In the Life Management Services case, there had actually been a serious fine: the FTC’s order imposed a non-suspended judgment of $23,099,878 against Kevin W. Guice, for restitution to the consumers he bilked. He also was forced to give up his 55-foot yacht and his luxury-watch collection.
Finally, the one case announced on Tuesday that entailed a fine:
NetDotSolutions. The FTC considers this a double win. Not only did three of the defendants provide autodialers used to place billions of illegal robocalls, but they also allegedly supplied the autodialing technology used by robocallers in at least eight prior FTC cases.
They allegedly pitched everything from auto warranties to home security systems and supposed debt-relief services, the FTC alleged, placing billions of calls to pester people, regardless of whether their phone numbers were on the National Do Not Call (DNC) Registry.
They got through by illegally spoofing caller IDs to make it look like the calls were coming from neighbors, as in, people calling from the same area code as that of the victims.
The three defendants have been banned from supplying autodialers to telemarketers. They’ll also be paying a fine of $1.35 million.
You can’t get what isn’t there
Here’s the thing, TechCrunch says: even though the fines (when there were any) look big, as in, millions of dollars, they don’t amount to bupkus. Here’s Coldewey:
Although the cases resulted in judgments totaling some 24 million dollars, the actual amount the scammers will end up paying will end up closer to $3-4 million. One scammer whose judgments totaled more than $5 million will be suspended when he pays just $18,332 – and whatever comes from the sale of his shiny new Mercedes.
Why the meager fines imposed on incorrigible robocallers? …as in, the scofflaws who blithely aggravate and scam people, unhampered by the telephone service providers – those who Federal Communications Chairman (FCC) Ajit Pai has fumed at for their lousy efforts on blocking robocalls?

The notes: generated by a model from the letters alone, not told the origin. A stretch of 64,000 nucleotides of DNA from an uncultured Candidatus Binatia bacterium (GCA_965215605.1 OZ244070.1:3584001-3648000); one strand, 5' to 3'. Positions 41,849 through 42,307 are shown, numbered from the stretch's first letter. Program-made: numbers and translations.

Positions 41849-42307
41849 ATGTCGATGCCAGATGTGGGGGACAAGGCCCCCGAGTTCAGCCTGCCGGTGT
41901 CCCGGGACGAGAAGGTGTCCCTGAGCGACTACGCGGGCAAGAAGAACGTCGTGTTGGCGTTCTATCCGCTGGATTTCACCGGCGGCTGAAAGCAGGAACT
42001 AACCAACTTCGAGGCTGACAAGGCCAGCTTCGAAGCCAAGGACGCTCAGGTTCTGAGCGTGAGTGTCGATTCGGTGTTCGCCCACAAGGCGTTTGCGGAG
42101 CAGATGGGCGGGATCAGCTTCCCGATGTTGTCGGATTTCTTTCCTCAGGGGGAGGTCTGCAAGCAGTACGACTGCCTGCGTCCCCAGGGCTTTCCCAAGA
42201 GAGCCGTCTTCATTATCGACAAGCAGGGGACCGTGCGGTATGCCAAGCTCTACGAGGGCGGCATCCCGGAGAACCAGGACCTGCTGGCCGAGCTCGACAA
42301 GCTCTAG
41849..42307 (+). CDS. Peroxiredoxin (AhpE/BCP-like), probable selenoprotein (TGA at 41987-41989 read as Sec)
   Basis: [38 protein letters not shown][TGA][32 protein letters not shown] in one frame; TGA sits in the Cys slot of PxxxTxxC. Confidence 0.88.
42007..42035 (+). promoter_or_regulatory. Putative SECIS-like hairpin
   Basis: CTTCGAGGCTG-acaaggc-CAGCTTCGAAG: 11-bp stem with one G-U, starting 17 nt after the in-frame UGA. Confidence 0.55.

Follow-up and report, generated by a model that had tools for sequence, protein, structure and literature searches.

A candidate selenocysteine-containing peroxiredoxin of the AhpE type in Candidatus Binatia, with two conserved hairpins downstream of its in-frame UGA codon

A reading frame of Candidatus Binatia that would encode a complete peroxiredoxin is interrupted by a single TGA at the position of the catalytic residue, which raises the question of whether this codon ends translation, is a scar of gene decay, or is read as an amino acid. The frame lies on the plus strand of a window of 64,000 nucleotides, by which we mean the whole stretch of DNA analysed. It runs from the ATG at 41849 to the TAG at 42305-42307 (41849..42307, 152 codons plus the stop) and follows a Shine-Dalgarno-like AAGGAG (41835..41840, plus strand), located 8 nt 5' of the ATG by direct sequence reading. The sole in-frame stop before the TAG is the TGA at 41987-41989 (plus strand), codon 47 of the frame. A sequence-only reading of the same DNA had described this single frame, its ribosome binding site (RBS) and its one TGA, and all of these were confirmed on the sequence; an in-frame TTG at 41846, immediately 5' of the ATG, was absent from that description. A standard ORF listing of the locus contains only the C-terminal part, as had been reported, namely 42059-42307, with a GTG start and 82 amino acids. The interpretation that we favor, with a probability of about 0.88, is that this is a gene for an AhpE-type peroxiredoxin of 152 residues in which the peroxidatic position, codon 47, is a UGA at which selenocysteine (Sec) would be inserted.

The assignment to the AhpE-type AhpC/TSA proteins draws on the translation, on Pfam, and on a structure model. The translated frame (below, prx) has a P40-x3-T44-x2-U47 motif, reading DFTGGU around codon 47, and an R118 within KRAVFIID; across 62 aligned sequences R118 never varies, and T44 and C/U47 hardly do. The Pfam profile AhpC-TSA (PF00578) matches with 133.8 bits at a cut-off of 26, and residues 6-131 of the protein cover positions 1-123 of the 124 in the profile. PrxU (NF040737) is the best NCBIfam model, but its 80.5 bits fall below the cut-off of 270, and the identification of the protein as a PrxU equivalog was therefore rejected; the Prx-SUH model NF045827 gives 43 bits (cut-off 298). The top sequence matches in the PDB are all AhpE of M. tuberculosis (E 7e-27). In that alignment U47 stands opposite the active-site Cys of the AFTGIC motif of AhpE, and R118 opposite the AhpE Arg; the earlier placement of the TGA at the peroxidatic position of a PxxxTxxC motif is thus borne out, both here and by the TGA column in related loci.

Coldewey called the FTC about it. A spokesperson told him that the judgment amounts in these cases are a ceiling defined by how much consumer harm was done. You can put as many zeros on those amounts as you want, but if the defendants don’t have it, you aren’t going to get it.
But why don’t the kingpins have money, given the lucrative scams they allegedly pull off? It has to do with an interesting twist in the money game.
Have you ever noticed that many of these robocalling kingpins are located in Florida? As the FTC tells it, the state’s Homestead rule protects their houses from being seized in these proceedings.
Court cases can drag on for years, leaving the robocallers free to keep plaguing people and innovating the technology to do so. Hence, the FTC takes the quicker path to keeping them away from harming consumers even more: namely, these agreements to drop out of the business.
Perhaps Floridians might have alternative solutions to the burgeoning robocall hell we currently live in. Perhaps, say, trained alligators?